On January 18, 2006, a yearly brand strategy meeting was held in New York for the R brand. Present at the meeting was William Lauder, the chief executive officer of Estee Lauder; Dan Brestle, the chief operating officer of Estee Lauder; Rick Kunes; and Patrick Bousquet-Chavanne ("Bousquet-Chavanne"), Group President of Estee Lauder Companies, Inc. (Hearing Trans. 03/23/06 at 20). Via videolink, from San Francisco were also, Batra, Annie Jackson, and Suzie Henricks. (Hearing Trans. 03/23/06 at 20-21).
For this meeting, Batra prepared a yearly brand strategy exercise (Exhibit 20) which set forth a review of the future of the business and forward-looking plans concerning business development, investment, geographic expansion, and new product development. (Hearing Trans. 03/23/06 at 21). In addition, the brand strategy exercise presented confidential information regarding product launches for fiscal years 2006, 2007, 2008. (Hearing Trans. 03/23/06 at 21).
Documents introduced at the R brand strategy meeting, which were prepared by Batra during his employment with Estee Lauder, were submitted for consideration on this motion. (Exhibit 20). Contained in these documents is confidential information regarding twelve new products that are presently in the pipeline. (Id.) In addition the documents contained the confidential geographic plans for R over the next two to three years.
On January 18, 2006, a yearly brand strategy meeting was also held for the Darphin brand. (Hearing Trans. 03/23/06 at 23). Batra did not attend the meeting. (Id.) However, he was given direct access to the plan following the meeting, which also contained confidential information regarding new marketing activities and new product development planned for the next three years. (Id.)
Additionally, Batra was privy to all of the information surrounding Darphin's upcoming marketing and product development strategies for Darphin. (Exhibit 24). According to BousquetChavanne, Batra has "the road map in terms of expenses and investments that [Estee Lauder is] planning to put behind [its] development for the Darphin brand . . . and the expected revenues from those investments." (Hearing Trans. 03/23/06 at 31). Batra was also responsible for preparing a plan of potential accounts the Darphin brand would seek to enter over the next twelve months. (Exhibit 35; Hearing Trans. 03/23/06 at 32).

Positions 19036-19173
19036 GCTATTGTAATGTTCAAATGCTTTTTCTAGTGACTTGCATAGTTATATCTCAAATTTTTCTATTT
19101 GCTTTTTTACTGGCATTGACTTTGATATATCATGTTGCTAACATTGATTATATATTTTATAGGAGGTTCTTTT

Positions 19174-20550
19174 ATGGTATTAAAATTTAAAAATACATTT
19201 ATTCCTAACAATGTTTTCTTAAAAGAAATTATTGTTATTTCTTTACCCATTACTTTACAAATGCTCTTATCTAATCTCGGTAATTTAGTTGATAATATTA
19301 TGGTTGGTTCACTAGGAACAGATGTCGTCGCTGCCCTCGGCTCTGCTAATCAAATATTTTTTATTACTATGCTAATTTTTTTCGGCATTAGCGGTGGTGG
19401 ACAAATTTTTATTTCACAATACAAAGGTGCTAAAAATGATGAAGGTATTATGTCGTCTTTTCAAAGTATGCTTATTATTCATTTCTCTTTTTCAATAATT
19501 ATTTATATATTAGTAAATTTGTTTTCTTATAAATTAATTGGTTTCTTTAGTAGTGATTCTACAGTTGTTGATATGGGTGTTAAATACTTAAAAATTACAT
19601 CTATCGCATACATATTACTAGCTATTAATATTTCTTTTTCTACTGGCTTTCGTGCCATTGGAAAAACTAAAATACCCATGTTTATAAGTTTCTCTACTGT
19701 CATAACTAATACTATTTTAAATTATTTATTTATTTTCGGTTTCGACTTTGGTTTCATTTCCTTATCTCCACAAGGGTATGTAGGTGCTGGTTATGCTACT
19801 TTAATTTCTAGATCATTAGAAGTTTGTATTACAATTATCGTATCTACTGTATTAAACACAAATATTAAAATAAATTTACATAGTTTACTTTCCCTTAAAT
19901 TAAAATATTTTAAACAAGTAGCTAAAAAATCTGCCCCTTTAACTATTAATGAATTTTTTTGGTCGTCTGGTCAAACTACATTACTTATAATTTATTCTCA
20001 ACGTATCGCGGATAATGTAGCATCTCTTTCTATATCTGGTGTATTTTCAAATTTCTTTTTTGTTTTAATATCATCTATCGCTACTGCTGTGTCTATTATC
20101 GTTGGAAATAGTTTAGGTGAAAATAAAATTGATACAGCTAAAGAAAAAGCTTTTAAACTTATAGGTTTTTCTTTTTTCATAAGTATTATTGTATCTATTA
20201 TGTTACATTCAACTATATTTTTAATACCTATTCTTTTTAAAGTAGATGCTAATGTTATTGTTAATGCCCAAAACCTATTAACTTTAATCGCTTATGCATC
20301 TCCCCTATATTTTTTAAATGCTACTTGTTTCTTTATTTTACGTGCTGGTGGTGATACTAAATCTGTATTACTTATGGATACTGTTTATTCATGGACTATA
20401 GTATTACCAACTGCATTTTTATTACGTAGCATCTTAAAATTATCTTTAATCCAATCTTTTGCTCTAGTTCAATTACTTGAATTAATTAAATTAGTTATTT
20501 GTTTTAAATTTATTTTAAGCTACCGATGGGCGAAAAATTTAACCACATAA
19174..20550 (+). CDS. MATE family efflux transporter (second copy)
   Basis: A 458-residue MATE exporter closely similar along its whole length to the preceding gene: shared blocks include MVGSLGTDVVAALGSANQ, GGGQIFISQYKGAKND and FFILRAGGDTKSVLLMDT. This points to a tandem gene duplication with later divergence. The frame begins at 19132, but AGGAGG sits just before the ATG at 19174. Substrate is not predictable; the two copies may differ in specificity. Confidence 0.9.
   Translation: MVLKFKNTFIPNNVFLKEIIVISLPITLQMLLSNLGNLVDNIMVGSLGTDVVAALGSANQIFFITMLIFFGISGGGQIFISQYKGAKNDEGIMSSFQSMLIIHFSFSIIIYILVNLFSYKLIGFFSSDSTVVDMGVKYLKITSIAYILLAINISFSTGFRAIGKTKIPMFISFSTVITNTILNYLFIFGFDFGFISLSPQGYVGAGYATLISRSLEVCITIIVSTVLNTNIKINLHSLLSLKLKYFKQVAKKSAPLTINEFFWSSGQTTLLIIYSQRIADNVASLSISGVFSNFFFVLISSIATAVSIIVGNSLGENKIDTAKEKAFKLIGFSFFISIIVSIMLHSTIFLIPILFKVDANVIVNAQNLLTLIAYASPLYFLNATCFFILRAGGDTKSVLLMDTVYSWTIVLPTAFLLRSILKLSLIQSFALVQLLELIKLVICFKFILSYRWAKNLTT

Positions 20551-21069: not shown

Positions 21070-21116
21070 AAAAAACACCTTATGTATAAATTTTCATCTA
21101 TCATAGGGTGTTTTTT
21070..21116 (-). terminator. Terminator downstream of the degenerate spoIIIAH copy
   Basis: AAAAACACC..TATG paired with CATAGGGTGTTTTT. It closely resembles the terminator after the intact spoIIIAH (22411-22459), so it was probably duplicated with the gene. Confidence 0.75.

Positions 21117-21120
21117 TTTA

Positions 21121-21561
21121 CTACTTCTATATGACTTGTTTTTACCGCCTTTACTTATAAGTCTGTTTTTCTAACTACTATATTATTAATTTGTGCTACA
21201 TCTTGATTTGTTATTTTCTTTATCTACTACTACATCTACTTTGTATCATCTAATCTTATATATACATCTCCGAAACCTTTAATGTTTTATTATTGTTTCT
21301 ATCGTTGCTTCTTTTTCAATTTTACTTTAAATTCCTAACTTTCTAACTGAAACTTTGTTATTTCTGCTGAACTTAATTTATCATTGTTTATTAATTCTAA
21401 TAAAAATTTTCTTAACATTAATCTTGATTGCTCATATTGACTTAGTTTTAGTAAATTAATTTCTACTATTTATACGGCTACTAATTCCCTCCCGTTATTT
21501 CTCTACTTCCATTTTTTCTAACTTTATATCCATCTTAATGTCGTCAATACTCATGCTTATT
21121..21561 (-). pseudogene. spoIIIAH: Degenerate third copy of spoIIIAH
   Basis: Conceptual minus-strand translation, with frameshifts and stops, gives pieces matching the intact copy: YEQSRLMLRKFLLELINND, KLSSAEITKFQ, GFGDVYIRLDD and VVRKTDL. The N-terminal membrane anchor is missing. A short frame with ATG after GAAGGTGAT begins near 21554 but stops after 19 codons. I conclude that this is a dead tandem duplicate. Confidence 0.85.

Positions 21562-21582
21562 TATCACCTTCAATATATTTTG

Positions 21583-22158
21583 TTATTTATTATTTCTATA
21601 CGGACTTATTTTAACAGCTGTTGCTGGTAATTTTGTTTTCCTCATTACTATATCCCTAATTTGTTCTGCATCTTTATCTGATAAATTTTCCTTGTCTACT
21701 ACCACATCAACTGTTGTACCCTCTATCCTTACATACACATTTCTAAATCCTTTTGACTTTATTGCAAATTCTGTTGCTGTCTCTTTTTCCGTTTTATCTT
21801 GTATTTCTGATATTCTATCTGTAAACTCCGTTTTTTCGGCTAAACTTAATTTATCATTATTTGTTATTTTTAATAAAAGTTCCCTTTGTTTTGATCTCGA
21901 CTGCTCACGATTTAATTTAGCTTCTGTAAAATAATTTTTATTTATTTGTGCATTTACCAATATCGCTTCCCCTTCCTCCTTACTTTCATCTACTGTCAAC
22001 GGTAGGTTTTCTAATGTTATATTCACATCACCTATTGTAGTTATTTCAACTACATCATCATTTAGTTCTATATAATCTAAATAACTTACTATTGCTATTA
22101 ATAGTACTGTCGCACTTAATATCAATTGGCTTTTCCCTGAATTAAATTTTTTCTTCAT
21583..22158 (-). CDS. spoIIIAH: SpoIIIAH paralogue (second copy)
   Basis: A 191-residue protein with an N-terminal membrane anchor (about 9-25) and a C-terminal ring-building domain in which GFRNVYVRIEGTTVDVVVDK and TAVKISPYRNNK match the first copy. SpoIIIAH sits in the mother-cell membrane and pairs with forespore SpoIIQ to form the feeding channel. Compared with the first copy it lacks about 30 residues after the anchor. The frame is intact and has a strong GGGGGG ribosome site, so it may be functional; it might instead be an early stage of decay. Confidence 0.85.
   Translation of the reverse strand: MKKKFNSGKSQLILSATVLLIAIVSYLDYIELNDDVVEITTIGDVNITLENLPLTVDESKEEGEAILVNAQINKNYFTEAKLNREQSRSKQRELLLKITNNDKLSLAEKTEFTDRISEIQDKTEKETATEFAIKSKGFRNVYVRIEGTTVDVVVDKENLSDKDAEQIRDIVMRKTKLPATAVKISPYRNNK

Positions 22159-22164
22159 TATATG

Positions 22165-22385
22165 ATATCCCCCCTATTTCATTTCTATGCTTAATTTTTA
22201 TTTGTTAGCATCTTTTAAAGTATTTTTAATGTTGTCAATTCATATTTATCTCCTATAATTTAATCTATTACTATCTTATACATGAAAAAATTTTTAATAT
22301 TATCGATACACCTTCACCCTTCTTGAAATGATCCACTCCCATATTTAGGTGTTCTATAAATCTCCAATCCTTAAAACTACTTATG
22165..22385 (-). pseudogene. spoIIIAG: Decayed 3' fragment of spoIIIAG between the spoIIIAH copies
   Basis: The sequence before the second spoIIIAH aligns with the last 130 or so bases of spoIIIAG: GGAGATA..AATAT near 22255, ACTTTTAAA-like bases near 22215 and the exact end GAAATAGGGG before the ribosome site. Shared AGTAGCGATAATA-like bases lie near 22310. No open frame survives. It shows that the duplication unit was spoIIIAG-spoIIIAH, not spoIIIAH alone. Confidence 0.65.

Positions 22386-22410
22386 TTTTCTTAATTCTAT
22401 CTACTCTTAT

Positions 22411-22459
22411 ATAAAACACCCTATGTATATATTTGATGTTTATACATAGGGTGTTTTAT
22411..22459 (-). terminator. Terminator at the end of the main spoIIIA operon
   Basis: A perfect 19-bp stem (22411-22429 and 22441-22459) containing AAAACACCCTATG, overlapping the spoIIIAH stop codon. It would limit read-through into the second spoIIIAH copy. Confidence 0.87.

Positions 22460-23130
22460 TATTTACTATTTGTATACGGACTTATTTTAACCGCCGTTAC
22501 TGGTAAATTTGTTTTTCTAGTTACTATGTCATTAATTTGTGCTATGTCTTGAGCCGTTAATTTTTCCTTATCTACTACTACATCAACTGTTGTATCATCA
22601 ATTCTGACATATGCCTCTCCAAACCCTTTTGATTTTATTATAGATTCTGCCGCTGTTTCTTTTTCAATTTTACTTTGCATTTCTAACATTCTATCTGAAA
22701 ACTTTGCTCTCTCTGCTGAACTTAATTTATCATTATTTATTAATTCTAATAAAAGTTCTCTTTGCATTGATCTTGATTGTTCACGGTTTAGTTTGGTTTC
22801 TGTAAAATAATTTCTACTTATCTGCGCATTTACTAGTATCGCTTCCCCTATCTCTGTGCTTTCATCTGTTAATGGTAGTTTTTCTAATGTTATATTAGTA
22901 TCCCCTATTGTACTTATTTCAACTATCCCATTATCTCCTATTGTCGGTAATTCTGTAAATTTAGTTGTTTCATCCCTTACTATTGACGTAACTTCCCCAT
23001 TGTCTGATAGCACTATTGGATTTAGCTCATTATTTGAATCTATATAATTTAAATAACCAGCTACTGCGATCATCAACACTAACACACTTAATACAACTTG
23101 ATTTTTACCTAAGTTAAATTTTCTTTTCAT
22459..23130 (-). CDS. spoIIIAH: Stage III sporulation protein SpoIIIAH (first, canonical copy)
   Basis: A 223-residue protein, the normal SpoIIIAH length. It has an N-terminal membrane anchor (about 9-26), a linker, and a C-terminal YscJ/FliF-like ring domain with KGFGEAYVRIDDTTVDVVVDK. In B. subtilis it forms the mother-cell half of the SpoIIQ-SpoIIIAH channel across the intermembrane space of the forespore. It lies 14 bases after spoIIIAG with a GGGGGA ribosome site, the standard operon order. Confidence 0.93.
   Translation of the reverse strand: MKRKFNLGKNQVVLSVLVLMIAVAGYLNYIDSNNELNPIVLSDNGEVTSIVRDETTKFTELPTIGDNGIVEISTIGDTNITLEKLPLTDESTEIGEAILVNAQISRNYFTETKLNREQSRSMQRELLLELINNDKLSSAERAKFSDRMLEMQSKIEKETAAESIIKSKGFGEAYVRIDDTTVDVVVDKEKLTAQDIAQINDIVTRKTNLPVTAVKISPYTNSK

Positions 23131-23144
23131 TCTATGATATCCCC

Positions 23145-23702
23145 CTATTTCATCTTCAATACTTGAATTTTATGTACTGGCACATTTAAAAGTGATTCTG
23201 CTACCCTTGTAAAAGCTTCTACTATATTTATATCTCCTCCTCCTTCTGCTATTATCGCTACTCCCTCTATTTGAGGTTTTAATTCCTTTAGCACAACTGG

In fall of 2006, Batra began discussing an opportunity at Perricone with Nick Perricone. (Hearing Trans. 03/22/06). Throughout the fall, Batra met with Perricone and individuals from an investment company called, TSG Consumer Products ("TSG"). (Id.) At that time, TSG was interested in purchasing Perricone, and Batra was asked to give his opinion on how good the Perricone brand was, so that TSG could determine whether or not it would be a profitable investment. (Id.)
While Batra initially intended to leave Estee Lauder in November 2005, his discussions with TSG and Perricone continued into the winter of 2005 and 2006. Throughout this time, Batra routinely worked on Perricone matters during his day at Estee Lauder in breach of his duty of loyalty to Estee Lauder, preparing for upcoming meetings with TSG and Perricone and even drafting the press release for his new position with Perricone on an Estee Lauder computer (Exhibit 13). (Id.)
Additionally, during this time, Batra solicited advice and assistance on his work with Perricone from another R senior executive, the executive director of marketing, Annie Jackson ("Jackson"). (Id. at 21-25). There were several emails exchanged establishing that throughout this time, Batra regularly solicited Jackson to breach her duty of loyalty to Estee Lauder by assisting him on preparing for meetings with TSG and Perricone. (Id.) Both Jackson and Batra completed at least some of this work for Perricone during time that should have been devoted to Estee Lauder projects, using their Estee Lauder computers and email. On one occasion, Batra admits that he invited and brought Jackson to such a meeting. At this meeting on February 7, 2006, Batra and Jackson worked to persuade TSG that Perricone was a good brand and a good acquisition. (Id.)
The evidence in these emails also establishes that even though he never made an explicit offer of employment, Batra was actively soliciting Jackson to leave her position with R to come to Perricone with him. (See Exhibit 11, containing an email from Batra to Jackson dated February 6, 2006 stating "I would drag you with me kicking and screaming even if you didn't want to come").
Following the February 7, 2006 meeting, Batra began creating a strategy for Perricone to begin to grow its business, which he drafted on his Estee Lauder computer. (See Exhibit 12).
On or about March 7, 2006, Batra telephoned BousquetChavanne and informed him that he was resigning from Estee Lauder to become the Worldwide General Manager of Perricone. (B-C Decl. at 6). During this telephone call, Bousquet-Chavanne reminded Batra of his obligations under the Non-compete Agreement. (Id.) Batra acknowledged these obligations and responded that he did not believe that Estee Lauder would be able to enforce the Non-compete Agreement because he understood that California law does not recognize such agreements. (Id.)
During this telephone call, Bousquet-Chavanne encouraged Batra to provide a period of notice and to assist in a transition before leaving the company. (Id. at 7). Following further discussions, Batra agreed on March 10, 2006 to consider the Company's requests that he provide assistance for a transitional period and delay his departure date. (Id.) He indicated that he would come to the office on ...